Liontown9.23Chart: Reuters

• Below is a moving personal story by "Goldilocks", an Aussie shareholder of Liontown Resources (LTR), an Australian-listed explorer of lithium which has been hitting the headlines this year.

• Liontown is currently the subject of a takeover offer valuing the company at A$6.6 billion. Its stock has soared from 10 cents at the start of 2020 to $3.05 recently.

• "Goldilocks" shared his investing and personal journey on Hotcopper forum today -- it's a story of grit and a buy-and-hold strategy that worked superbly. And a reward that made the long investment timeline worthwhile.

• He was triggered to make his post following another investor's post that cast some aspersion on "Goldilocks" partial sale of his Liontown shareholding.

I don't know how to take your post. It has upset me but I'm not sure if that was your intention.

You seem to have used my selling some shares today and twisted it into something bad.

I am 60 next year and spent my whole life in debt and working very hard to be financially independent one day.

I love this company and agree with you that this whole experience is not just about money. However, I feel I have given a lot to many people throughout my life and hardly ever taken anything for myself, so please let me enjoy this small moment.

I was educated in the public school system in the country, both my parents never finished high school. I only remember one person in my school ever making it into medicine and that was someone who did year 12 twice. I worked my way through science, then did an honours year, before gaining entry into medicine.

I found the pace of medicine very hard after science, but I still somehow graduated with honours, and after spending a couple of years at one of Sydney's top hospitals was accepted into a specialist training program at one of Melbourne's top hospitals.

The training program was 5 years, but it took me 6 years as I took three goes to get through the final exam. All up it took 17 years from starting Uni to finishing speciality training. I stayed on the staff there for a couple of years, was asked to join them as a partner, but turned them down as I saw myself more as a practising specialist rather then an academic. I moved to country NSW with my new wife and joined a practice.

Not long afterwards my first born child came along, but was diagnosed with a disability requiring us to move back to Melbourne for intervention. I didn't want to go straight back into private practice in Melbourne, so I completed a second specialty, fortunately only a further two years, and this gave me opportunity to be around more during the early intervention.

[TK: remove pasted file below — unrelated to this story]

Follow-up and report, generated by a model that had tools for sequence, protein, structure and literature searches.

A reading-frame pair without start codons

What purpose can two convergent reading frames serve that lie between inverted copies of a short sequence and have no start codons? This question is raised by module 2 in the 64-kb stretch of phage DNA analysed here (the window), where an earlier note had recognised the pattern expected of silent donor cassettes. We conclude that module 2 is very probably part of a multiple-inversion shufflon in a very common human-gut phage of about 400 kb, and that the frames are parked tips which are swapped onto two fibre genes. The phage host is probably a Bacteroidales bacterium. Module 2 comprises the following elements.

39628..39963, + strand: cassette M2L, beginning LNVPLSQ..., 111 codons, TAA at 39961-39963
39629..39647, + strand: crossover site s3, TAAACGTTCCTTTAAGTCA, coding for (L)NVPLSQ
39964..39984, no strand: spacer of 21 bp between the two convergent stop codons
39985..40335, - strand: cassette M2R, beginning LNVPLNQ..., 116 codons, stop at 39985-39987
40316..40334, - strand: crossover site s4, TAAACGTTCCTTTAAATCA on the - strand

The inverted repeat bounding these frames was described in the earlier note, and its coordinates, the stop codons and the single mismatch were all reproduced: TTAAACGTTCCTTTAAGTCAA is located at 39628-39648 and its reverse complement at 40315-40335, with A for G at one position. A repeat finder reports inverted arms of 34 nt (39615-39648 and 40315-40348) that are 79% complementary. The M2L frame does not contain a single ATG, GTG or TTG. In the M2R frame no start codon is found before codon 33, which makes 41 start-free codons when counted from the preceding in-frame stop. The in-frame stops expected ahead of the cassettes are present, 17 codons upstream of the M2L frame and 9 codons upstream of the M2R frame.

Around this time I borrowed a lot of money, around 2mil, and invested the lot in the stock market, believing my son might never be independent, and I was trying to safeguard his future.

I lost just about everything in the fallout of GFC. On top of that, I spent 1-2mil on my son's intervention as I wanted him to have every possible chance. So even though I had a good paying job, I was severely in debt and the only thing I could do was work myself to the bone.

My bank called me in one day around 2016. They basically shook their heads at me in front of my wife and said that I had been wreckless with my investments.

They said I would never be able to write off my losses no matter how long I lived. They wanted me to hand over what was left of my portfolio, including LTR shares, and let them manage it. It was an absolute low point in my life, and I was particularly embarrassed in front of my wife, but I refused to hand over my shares to them.

I first bought LTR in 2007 and my first sale of shares was this year at $2.50. That sale will cover the loan on our home, which we bought 3 years ago but has been rented out ever since as we needed the rent to help cover the costs of the loan. All our wealth has tied up in LTR for a very long time. We will finally get to move into that home in December after I retire.

The sale of shares today is so I can draw an income from my investments in retirement and put my kids through the rest of their education. I am still holding 60% of my shares, which is a respectable holding.

I love this company and agree with you that this whole experience is not just about money. However, I feel I have given a lot to many people throughout my life and hardly ever taken anything for myself, so please let me enjoy this small moment. Taking some profit does not mean I am selling out this company or this Country. Let's be reasonable.

If it comes to a vote, I will vote we keep the asset Australian and we go mining.

Since the above post, "Goldilocks" has made 2 more that add more colour to his investing and life journey.

Check out: post #69793747 and post # 69794377

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